The event ‘Russian Soft Power: Moscow’s Struggle for Influence in Europe and How the EU Should Respond’, organized by the Gino Germani Institute and the Atlantic Council was held at the Tempio di Adriano Conference Hall of the Rome Chamber of Commerce (Piazza di Pietra, Rome), on 9 June. Director of the Centre Jānis Sārts and Operations and Support Branch Chief Simon R. West participated in panel discussions dedicated to Russia’s information activities.
The central theme of the event was Russia’s soft power strategy, pursued through non-military instruments and aimed at influencing the perceptions of the elite and public opinion in European countries. The conference analyzed the objectives and instruments of Russian soft power in the EU, with particular reference to the influence of activities promoted by Moscow, such as supporting populist right- and left-wing political parties and movements, the intensification of anti-EU and anti-Western communication campaigns, as well as efforts to increase its influence in strategic sectors of the economy in some EU countries.
Some experts point out that Moscow perceives soft Western power as a form of ‘non-linear warfare’ that threatens its security. According to the vision of the Kremlin, the West aims to destabilize Russia by fueling pro-Western movements in countries that are be part of its sphere of influence and within Russia itself. This perception of threat—according to the experts—would induce the Kremlin to intensify its soft power and influence operations in the EU.
Since the beginning of the Ukrainian crisis, which has resulted in rising tensions between Russia and the West, Russia has intensified various soft power activities and increased its efforts to gain influence in the EU. Some of these activities have raised concern in the West because of their possible negative repercussions on the stability of European democracies and EU cohesion. Anti-EU and anti-Western communication campaigns, which often make use of disinformation, are conducted using both traditional and social media. Russia provides financial, political, and ideological support to populist right and left wing political parties. The European radical right and the Kremlin share a negative view towards the West, particularly the European Union, both claiming that Europe is going through a ‘cultural war’ between the traditional values of Christianity and Western decadent ‘liberalism’. Russia has increased its influence by means of financial instruments, including investments in areas of strategic importance in some EU countries, and the establishment of business relationships with some members of the political and economic elite. Russia has also been funding research institutes and non-governmental organizations, uniting the Russian diaspora in Europe.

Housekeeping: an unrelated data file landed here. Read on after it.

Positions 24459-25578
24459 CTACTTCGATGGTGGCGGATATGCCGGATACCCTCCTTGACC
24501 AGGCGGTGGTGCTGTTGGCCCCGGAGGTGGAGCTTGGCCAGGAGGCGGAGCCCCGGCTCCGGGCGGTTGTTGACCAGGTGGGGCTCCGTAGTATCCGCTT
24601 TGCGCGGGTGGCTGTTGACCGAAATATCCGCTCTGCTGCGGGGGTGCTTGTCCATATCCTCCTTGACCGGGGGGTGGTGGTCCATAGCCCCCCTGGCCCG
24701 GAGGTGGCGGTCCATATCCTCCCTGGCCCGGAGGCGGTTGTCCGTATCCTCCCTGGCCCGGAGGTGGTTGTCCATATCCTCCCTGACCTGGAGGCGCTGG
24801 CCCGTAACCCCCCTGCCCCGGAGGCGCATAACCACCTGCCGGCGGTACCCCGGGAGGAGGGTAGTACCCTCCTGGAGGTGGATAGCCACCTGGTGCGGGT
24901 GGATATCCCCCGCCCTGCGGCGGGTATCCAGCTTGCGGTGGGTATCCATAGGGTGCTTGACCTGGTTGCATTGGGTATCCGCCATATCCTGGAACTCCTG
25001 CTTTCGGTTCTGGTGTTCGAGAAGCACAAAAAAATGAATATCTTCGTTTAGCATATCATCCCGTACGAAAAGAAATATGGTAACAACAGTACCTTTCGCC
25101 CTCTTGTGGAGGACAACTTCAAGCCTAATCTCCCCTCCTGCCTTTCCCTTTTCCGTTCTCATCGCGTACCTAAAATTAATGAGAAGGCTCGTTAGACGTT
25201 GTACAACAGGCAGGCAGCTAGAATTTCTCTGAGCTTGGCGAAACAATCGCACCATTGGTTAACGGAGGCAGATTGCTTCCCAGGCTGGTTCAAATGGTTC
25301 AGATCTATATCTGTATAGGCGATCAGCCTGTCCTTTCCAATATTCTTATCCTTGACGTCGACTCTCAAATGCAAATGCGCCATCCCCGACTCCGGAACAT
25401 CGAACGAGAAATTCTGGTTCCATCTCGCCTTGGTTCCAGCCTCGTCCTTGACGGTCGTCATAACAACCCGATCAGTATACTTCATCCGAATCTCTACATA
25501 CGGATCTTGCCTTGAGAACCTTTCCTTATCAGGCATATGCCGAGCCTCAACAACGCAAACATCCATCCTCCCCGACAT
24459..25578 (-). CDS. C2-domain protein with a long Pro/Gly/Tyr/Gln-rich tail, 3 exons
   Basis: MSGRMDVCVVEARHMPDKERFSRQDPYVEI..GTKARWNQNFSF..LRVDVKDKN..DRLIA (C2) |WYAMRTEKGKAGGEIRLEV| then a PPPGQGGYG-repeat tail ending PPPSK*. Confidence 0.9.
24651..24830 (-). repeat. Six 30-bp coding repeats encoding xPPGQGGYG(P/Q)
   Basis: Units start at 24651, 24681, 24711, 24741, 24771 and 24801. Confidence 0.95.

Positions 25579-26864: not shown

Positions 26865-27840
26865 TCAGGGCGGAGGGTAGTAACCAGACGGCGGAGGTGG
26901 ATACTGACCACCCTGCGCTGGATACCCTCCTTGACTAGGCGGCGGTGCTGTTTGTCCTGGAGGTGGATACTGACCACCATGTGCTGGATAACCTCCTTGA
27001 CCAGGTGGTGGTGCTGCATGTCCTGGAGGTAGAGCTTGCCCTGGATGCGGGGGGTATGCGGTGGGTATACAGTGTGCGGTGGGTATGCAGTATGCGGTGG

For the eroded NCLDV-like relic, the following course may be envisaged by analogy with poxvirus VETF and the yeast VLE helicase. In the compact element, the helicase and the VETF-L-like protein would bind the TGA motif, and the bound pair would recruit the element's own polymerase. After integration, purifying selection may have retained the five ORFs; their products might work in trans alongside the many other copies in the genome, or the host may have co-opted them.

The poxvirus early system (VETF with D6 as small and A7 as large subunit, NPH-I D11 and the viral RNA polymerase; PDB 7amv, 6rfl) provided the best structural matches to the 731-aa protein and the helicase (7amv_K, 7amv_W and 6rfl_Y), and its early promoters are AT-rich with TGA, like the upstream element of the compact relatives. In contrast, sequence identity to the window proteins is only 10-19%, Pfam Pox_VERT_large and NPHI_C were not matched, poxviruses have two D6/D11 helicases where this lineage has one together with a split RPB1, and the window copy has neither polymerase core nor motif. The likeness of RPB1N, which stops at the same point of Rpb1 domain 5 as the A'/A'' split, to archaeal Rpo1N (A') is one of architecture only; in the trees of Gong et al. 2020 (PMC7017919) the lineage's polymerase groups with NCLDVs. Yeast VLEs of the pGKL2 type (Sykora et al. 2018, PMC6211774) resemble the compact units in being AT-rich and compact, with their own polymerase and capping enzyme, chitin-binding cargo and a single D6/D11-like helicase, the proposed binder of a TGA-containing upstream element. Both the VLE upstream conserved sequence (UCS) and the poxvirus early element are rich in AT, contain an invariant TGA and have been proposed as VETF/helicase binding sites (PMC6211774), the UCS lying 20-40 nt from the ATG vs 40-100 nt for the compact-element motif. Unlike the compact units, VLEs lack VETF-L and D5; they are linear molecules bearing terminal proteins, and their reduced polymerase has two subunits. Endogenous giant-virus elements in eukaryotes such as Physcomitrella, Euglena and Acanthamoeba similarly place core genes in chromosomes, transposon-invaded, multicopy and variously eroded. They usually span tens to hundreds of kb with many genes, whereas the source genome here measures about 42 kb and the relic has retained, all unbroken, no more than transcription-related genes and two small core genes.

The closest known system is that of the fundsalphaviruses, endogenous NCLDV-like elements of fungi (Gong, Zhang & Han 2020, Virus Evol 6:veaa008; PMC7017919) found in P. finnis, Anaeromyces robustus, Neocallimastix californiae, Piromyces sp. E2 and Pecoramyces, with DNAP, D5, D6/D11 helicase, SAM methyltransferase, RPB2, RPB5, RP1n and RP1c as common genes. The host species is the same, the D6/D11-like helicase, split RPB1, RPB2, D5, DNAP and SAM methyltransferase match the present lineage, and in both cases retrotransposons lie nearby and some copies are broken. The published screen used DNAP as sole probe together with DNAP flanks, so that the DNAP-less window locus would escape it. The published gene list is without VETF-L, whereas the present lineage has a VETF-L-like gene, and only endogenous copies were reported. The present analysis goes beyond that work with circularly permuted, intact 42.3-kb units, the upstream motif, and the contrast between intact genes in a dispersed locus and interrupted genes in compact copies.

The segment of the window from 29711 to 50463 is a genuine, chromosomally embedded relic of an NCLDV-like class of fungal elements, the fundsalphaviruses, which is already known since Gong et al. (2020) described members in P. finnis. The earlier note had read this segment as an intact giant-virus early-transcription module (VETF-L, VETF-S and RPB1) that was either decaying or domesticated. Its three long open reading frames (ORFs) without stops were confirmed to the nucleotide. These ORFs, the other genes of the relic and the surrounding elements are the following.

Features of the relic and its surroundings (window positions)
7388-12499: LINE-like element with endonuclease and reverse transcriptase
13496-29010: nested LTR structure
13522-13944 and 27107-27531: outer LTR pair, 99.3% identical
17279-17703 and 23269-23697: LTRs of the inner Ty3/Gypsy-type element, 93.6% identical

According to an interpretation advanced by some analysts, Moscow aims to exploit the current profound and multidimensional crisis in Europe through its soft power operations to pursue the following strategic foreign policy objectives: wear down the authority and credibility of European institutions and European governments, undermine the effectiveness of NATO and EU decision-making processes, and weaken the transatlantic relationship, as well as feed public distrust of Europe and the Western liberal model.
The Gino Germani Institute for Social Sciences and Strategic Studies, established in Rome in 1981, is a non-profit research, educational, and policy-informing organization aimed at promoting synergy between the social sciences and strategic studies. Working with academic institutions and think tanks from around the world, the Institute analyzes the processes of modernization and globalization and how they are transforming societies and the world order. Working with experts from a range of disciplines, the Institute conducts social science and policy-oriented research on the issues of socio-economic development, democracy and authoritarianism, and conflict and security in contemporary societies.
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